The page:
The Committee for Public Counsel Services (CPCS) in Massachusetts is currently accepting applications for a Deputy Chief Counsel of the Private Counsel Division, who is a member of the senior management team that develops and implements fiscal, operational, human resource, and legislative policies.  The Private Counsel Division is responsible for delivering legal services to indigent clients through assigned private attorneys in criminal defense trial and post-conviction cases as well as commitment and registration cases for persons convicted of sex offenses.  Applications will be accepted until the position is filled.  For more info please check here.

SCSJ

The Southern Coalition for Social Justice still has an opening for an executive director.   The ideal candidate will have strong organizational, communication, and leadership skills, a demonstrated passion for social and racial justice, and experience in developing successful relationships in diverse communities.  For the full job description, please check the post here, and to apply please send all queries here.

 

Training

Registration is now open for the 2018 Parent Attorney and Juvenile Defender Conferences.  The Parent Attorney Conference will be held Thursday, August 16, and Juvenile Defender Conference will be held Friday, August 17.  Both conferences, cosponsored by the School of Government and the Office of Indigent Defense Services, will be held at the School of Government on the UNC-Chapel Hill campus, offer approximately six hours of CLE credit, and feature speakers from across the state.  Attendees must register for both conferences separately and the deadline for registration will be August 3 at 5 p.m.  The conferences are free for IDS state employees but there is a $165 registration fee for privately assigned counsel.  You can register and find further details regarding the Parent Attorney Conference here, or go here for the Juvenile Defender Conference.  For any questions about the conference, please contact Tanya Jisa, or for questions about the course content, please contact Austine Long.

every-day-is-training-day

Save the Date!  The Bridging The Gap III Seminar will be in Winston-Salem September 20-21, 2018.  Participants in this seminar will be awarded 10.25 CLE credit hours, including 1.5 credit hours in ethics, professional responsibility and professionalism.  The registration fee is $115.00.  The focus of this seminar will be on client and family relations, and pretrial resolution.  Registration and hotel information will be published in early July.  A block of 40 rooms will be available once the registration is published.  For an attorney to attend he or she must have at least 7 years’ experience.  The “ gap” in Bridging The Gap describes lawyers who have never taken murder cases and are considering taking them on, and lawyers who have taken non-capital murder cases and are considering taking capital cases.  The seminar, hosted by the Office of the Capital Defender, focuses on issues relevant to both non-capital and capital murder cases.  If you have questions or need additional information, please contact Terry Alford.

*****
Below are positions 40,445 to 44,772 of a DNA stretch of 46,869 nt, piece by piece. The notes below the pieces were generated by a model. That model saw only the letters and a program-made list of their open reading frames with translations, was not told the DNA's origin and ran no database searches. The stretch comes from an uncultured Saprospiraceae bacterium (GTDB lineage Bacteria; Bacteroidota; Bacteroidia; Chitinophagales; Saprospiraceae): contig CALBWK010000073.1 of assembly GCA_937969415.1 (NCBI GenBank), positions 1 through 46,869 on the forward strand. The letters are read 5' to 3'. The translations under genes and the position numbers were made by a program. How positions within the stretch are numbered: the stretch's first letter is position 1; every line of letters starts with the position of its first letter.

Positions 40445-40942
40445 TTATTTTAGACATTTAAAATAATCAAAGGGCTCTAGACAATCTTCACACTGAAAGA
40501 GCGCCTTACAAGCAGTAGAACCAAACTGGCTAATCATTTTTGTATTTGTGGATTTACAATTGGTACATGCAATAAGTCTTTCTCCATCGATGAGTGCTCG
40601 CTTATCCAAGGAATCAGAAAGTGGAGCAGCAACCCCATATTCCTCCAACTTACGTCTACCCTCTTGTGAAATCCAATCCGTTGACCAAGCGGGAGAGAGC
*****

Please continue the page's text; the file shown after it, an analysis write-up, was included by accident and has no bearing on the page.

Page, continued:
Thank you for making it to the end of this week in review.  We have more news and features planned for the coming weeks, so please visit us again soon!

JWISE Attorney Access

What is JWise Attorney Access?

As mandated in the Raise the Age legislation, as of July 1st, juvenile defenders now have access to the juvenile delinquency index known as JWise!  For those not familiar, JWise is the Administrative Office of the Courts (AOC) database where clerks enter court-related information about juvenile cases.  Most of the information is case status, such as adjudications, dispositions, and other hearings.  While JWise includes data from Abuse, Neglect and Dependency proceeds, attorneys will only have access to juvenile delinquency cases where they have a client with an open case.  This access is read-only.  Note also that the clerk’s file, not JWise, is the official record of the court.

How Will the Access Improve My Practice?

JWise will allow attorneys quick access to basic, essential information about the status of their clients’ cases.  While attorneys should still be reviewing the clerk’s file for more detail about their clients, JWise may offer quick answers to questions regarding court hearings.  In addition, attorneys will be able to see information about a client’s case in another jurisdiction if it’s transferred.  Note that not all counties will have the same data, as some fields are mandatory and some are not.

How Do I Get Access to JWise?

All staff of the public defender offices and privately assigned counsel with a bar number will have access to this tool, but access must first be requested through AOC using the form provided here.  Once the form is filled out, it must be faxed to AOC (not the clerk’s office) for activation.  Once access is granted, both privately assigned counsel and public defenders may log into JWise using the link here.  Public defenders also have the option to access the database via Juno.

What If I Need Assistance?

For attorneys who may be unfamiliar with JWise, AOC has created a 15-minute video walkthrough to better explain how to use and access it, which can be viewed here.   If you encounter any technical issues with the system, please contact the AOC Help Desk at 919-890-2407.  If there are any substantive questions, attorneys should feel free to contact the Office of the Juvenile Defender.